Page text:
"That's so gay"? That's so harmful
Researchers at the University of Michigan have found that the commonly used phrase “that’s so gay” can have harmful consequences among gay, lesbian and bisexual students. Data published in an article in the current issue of the Journal of American College Health shows that such students who heard the phrase were more likely to feel isolated and suffer from headaches, poor appetite or eating issues. WWJ-TV/WWJ-AM (Detroit) (8/28)
Sexual Orientation Affects Cancer Survivorship, Study Finds
ScienceDaily (May 9, 2011) — Gay men have a higher prevalence of cancer compared with heterosexual men, and lesbian and bisexual female cancer survivors report lower levels of health than heterosexual female cancer survivors. Those are the conclusions of a new study published early online in Cancer, a peer-reviewed journal of the American Cancer Society.The study's findings shed light on the types of programs and services that are needed to assist lesbian, gay, and bisexual cancer survivors.Cancer surveillance studies don't ask questions about sexual orientation, which means there is scarce information about how many cancer survivors identify as lesbian, gay, or bisexual. Hoping to fill this information gap, Ulrike Boehmer, PhD, of the Boston University School of Public Health and her colleagues examined the prevalence of cancer survival by sexual orientation in California. They also investigated how the health of cancer survivors differs depending on sexual orientation. Read the entire article.
Potential for Same Sex Attraction –
A PART OF EVOLUTION?
ScienceDaily (Feb. 4, 2010) — Male homosexuality doesn't make complete sense from an evolutionary point of view. It appears that the trait is heritable, but because homosexual men are much less likely to produce offspring than heterosexual men, shouldn't the genes for this trait have been extinguished long ago? What value could this sexual orientation have, that it has persisted for eons even without any discernible reproductive advantage? Read the entire article.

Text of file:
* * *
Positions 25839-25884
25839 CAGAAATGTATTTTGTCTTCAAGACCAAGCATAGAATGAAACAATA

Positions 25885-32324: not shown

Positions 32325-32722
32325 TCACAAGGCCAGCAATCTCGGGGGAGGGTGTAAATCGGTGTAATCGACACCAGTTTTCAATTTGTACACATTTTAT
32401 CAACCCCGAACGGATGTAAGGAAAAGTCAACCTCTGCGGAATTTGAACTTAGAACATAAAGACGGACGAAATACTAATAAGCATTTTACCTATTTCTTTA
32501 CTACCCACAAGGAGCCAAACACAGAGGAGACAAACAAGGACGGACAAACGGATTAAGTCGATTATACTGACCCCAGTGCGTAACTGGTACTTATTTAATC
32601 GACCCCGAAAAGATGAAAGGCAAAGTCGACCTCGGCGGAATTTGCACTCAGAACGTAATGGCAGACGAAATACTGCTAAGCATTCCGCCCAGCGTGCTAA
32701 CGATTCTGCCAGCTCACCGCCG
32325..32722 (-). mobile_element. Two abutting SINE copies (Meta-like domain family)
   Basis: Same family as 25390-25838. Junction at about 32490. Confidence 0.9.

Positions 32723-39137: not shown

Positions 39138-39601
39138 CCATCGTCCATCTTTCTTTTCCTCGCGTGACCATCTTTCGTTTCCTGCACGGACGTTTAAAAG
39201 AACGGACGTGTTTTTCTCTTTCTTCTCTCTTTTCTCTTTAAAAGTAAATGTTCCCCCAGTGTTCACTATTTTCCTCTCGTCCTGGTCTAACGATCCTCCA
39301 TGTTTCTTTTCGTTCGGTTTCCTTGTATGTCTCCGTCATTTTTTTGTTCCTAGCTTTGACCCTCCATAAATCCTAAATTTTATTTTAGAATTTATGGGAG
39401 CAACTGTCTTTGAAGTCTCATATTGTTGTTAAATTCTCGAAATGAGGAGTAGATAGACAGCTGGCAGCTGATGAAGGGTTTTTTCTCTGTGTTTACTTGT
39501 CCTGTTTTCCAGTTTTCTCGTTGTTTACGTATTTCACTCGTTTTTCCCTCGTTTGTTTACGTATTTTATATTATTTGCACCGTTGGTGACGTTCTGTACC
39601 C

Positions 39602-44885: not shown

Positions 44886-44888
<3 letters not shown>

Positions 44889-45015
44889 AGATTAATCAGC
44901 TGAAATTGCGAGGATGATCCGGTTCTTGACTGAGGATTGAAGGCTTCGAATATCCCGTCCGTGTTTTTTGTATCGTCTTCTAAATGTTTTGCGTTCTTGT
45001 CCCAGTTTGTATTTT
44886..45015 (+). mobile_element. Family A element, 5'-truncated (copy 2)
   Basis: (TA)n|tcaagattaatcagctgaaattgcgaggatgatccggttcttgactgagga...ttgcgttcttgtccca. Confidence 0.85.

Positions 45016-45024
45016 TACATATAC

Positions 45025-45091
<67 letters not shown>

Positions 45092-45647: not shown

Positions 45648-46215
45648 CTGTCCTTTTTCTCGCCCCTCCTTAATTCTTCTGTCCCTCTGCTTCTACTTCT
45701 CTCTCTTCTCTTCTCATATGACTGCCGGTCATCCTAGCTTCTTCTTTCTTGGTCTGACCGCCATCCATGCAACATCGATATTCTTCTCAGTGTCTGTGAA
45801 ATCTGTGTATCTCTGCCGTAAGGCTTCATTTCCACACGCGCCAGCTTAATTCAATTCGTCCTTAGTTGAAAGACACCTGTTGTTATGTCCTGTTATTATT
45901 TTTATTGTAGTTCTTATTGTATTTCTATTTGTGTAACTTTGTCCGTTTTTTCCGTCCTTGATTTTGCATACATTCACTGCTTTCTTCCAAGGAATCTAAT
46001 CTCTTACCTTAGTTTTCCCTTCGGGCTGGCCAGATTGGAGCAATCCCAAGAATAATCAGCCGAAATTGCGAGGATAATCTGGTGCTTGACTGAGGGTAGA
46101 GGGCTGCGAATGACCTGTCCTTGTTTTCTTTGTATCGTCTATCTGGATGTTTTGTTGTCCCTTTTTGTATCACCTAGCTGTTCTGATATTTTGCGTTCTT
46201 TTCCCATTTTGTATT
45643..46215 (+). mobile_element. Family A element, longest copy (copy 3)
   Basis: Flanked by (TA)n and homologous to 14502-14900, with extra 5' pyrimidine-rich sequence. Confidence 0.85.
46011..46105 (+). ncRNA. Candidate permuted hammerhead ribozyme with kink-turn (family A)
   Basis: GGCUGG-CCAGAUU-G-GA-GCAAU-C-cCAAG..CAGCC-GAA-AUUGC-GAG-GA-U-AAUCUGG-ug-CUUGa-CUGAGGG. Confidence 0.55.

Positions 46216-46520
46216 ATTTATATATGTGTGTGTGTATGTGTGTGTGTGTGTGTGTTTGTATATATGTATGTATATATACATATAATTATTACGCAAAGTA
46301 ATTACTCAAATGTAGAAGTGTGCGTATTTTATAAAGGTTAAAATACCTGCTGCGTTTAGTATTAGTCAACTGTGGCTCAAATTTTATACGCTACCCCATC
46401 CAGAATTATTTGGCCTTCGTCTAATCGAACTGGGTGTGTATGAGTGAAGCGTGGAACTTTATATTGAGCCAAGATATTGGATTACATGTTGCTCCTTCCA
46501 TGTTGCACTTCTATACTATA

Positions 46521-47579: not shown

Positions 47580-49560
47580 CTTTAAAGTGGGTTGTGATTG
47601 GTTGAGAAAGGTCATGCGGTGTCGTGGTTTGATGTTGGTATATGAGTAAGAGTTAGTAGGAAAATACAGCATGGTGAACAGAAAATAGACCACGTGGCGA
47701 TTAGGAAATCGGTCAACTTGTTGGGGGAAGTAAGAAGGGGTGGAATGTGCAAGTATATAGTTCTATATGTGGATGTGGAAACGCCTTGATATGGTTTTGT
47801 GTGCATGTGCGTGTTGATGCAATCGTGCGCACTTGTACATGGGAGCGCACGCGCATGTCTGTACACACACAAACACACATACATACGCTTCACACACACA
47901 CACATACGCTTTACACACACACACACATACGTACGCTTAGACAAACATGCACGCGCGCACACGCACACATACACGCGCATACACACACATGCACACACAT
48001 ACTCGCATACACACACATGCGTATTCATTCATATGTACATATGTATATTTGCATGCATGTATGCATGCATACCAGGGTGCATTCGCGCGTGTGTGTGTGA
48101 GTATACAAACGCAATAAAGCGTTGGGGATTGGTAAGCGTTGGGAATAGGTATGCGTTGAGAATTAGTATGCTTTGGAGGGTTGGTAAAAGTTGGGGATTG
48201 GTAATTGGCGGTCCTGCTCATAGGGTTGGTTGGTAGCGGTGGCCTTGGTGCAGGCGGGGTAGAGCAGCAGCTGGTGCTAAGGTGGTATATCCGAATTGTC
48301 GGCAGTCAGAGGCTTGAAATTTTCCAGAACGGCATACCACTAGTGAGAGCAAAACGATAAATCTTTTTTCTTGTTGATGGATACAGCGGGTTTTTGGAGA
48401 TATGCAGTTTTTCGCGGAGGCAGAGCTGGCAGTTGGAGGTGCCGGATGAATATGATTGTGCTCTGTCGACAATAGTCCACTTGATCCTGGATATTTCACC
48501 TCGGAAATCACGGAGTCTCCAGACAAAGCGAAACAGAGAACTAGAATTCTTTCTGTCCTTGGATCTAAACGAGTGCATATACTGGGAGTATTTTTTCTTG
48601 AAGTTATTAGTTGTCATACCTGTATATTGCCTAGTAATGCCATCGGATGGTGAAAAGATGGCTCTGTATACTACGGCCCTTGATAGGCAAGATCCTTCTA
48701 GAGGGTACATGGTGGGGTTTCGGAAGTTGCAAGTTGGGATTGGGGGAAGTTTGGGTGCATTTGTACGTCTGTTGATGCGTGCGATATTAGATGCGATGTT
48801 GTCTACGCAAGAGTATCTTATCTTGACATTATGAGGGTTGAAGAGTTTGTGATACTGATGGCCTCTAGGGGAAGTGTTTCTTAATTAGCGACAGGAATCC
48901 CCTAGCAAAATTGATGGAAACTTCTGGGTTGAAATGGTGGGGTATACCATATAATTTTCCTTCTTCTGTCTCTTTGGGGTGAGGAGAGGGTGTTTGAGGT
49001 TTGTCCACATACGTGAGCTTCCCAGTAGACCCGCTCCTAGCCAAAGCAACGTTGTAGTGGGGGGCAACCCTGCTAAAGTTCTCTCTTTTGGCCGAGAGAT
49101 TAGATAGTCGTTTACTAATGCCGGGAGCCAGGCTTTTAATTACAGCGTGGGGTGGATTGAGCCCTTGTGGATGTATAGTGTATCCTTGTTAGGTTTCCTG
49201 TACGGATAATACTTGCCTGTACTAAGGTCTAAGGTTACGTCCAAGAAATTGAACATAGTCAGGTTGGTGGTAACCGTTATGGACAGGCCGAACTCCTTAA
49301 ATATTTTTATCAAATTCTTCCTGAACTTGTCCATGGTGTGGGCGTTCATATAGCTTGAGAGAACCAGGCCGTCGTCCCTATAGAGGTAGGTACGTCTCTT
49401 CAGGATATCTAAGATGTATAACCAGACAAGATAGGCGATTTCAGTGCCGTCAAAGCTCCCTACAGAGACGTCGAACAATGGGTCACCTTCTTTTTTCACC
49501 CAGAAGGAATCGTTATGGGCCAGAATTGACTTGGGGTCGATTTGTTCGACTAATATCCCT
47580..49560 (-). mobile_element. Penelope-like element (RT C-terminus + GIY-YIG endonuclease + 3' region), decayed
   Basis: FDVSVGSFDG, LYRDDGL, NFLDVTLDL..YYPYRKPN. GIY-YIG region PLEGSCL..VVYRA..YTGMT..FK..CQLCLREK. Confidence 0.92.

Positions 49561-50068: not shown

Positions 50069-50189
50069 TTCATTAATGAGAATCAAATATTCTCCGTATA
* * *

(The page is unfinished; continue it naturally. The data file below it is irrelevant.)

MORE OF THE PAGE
People in Jobs Traditionally Held by the Other Sex are Judged More Harshly for Mistakes
ScienceDaily (Dec. 8, 2010) — In these modern times, people can have jobs that weren't traditionally associated with their genders. Men are nurses; women are CEOs. A new study examines perceptions of people in high-powered jobs and finds that they're likely to be judged more harshly for mistakes if they're in a job that's not normally associated with their gender. Read the entire article.
Sexual Orientation and Gender Conforming Traits in Women Are Genetic
ScienceDaily (July 9, 2011) — Sexual orientation and 'gender conformity' in women are both genetic traits, according to new research from Queen Mary, University of London.
It is well recognized that there consistent differences in the psychological characteristics of boys and girls; for example, boys engage in more 'rough and tumble' play than girls do.
Studies also show that children who become gay or lesbian adults differ in such traits from those who become heterosexual -- so-called gender nonconformity. Research which follows these children to adulthood shows that between 50 to 80 per cent of gender nonconforming boys become gay, and about one third of such girls become lesbian.
Writing in the online journal PLoS ONE, Dr Andrea Burri and Dr Qazi Rahman from Queen Mary's School of Biological and Chemical Sciences report that a shared set of genes and shared set of random environmental factors is partially responsible both for gender nonconformity and female sexual orientation. Read the entire article.
Dr. Robert L. Spitzer, considered by some to be the father of modern psychiatry, lay awake at 4 o’clock on a recent morning knowing he had to do the one thing that comes least naturally to him.
He pushed himself up and staggered into the dark. His desk seemed impossibly far away; Dr. Spitzer, who turns 80 next week, suffers from Parkinson’s disease and has trouble walking, sitting, even holding his head upright.
The word he sometimes uses to describe these limitations — pathetic — is the same one that for decades he wielded like an ax to strike down dumb ideas, empty theorizing and junk studies.
Now here he was at his computer, ready to recant a study he had done himself, a poorly conceived 2003 investigation that supported the use of so-called reparative therapy to “cure” homosexuality for people strongly motivated to change.
What to say? The issue of gay marriage was rocking national politics yet again. The California State Legislature was debating a bill to ban the therapy outright as being dangerous. A magazine writer who had been through the therapy as a teenager recently visited his house, to explain how miserably disorienting the experience was.
And he would later learn that a World Health Organization report, released on Thursday, calls the therapy “a serious threat to the health and well-being — even the lives — of affected people.”
Dr. Spitzer’s fingers jerked over the keys, unreliably, as if choking on the words. And then it was done: a short letter to be published this month, in the same journal where the original study appeared.
“I believe,” it concludes, “I owe the gay community an apology.” Read the rest of the article from the NYT.
Lesbian, Gay, Bisexual and Transgender Seniors Face Harder Old Age, U. S. Study Finds